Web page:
Background: Lipoedema is a chronic disorder of adipose tissue typically involving an abnormal build-up of fat cells in the legs, thighs and buttocks. Occurring almost exclusively in women, it often co-exists with obesity. Due to an absence of clear objective diagnostic criteria, lipoedema is frequently misdiagnosed as obesity, lymphoedema or a combination of both. The purpose of this observational study was to compare muscle strength and exercise capacity in patients with lipoedema and obesity, and to use the findings to help distinguish between lipoedema and obesity. Design: This cross-sectional, comparative pilot study performed in the Dutch Expertise Centre of Lymphovascular Medicine, Drachten, a secondary-care facility, included 44 women aged 18 years or older with lipoedema and obesity. Twenty-two women with lipoedema (diagnosed according the criteria of Wold et al, 1951) and 22 women with body mass index ≥30kg/m2 (obesity) were include in the study. No interventions were undertaken as part of the study. Results: Muscle strength of the quadriceps was measured with the MicroFET™, and functional exercise capacity was measured with the 6-minute walk test. The group with lipoedema had, for both legs, significantly lower muscle strength (left: 259.9 Newtons [N]; right: 269.7 N; p < 0.001) than the group with obesity. The group with lipoedema had a non-significant, but clinically relevant lower exercise-endurance capacity (494.1±116.0 metres) than the group with obesity (523.9±62.9 metres; p=0.296). Conclusions: Patients with lipoedema exhibit muscle weakness in the quadriceps. This finding provides a potential new criterion for differentiating lipoedema from obesity. We recommend adding measuring of muscle strength and physical endurance to create an extra diagnostic parameter when assessing for lipoedema.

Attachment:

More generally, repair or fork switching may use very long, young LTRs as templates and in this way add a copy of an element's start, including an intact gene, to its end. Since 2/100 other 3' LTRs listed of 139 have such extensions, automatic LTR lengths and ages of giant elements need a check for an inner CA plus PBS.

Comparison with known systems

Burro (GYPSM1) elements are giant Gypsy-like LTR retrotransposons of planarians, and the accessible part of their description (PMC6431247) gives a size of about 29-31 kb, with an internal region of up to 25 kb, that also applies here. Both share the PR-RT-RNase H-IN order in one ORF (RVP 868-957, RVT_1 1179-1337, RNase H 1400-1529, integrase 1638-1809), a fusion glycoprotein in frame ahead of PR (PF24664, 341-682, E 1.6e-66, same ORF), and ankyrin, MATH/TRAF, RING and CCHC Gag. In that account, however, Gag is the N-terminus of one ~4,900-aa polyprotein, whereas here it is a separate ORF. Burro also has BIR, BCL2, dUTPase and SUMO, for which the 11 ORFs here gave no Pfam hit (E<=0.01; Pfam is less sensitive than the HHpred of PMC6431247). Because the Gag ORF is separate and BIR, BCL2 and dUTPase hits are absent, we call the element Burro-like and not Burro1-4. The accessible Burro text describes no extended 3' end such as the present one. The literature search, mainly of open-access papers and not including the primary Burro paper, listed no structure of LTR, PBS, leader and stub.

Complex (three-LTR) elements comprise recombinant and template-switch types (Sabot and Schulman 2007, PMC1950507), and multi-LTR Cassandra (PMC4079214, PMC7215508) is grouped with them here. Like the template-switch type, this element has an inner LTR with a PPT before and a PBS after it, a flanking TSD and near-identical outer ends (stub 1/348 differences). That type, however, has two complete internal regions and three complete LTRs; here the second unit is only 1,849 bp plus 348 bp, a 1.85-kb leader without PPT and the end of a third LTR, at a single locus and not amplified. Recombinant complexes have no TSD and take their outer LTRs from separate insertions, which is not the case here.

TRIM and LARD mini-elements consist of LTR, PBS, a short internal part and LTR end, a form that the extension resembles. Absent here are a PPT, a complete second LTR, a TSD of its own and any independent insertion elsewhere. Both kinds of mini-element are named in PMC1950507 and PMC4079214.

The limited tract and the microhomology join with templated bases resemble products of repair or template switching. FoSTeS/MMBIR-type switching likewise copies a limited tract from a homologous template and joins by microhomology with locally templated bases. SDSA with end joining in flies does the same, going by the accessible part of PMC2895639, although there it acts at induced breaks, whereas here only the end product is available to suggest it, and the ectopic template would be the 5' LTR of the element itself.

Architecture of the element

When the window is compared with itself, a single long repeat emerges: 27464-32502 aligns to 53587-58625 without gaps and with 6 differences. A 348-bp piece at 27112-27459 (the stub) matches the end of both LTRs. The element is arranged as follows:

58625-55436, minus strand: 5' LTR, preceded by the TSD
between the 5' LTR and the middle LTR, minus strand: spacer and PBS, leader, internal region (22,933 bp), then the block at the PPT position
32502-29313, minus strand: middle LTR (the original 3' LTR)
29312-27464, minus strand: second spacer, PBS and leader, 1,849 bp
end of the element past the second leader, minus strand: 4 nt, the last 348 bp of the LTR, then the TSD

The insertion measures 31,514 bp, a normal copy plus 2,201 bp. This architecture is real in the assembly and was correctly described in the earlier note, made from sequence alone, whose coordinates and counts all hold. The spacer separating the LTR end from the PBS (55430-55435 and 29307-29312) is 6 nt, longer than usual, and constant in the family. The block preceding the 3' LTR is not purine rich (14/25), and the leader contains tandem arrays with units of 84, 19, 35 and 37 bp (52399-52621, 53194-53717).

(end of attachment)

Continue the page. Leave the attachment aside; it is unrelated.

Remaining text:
|Number of pages||5|
|Journal||Journal of Lymphoedema|
|Publication status||Published - 2017|
- Muscle power
- Physical endurance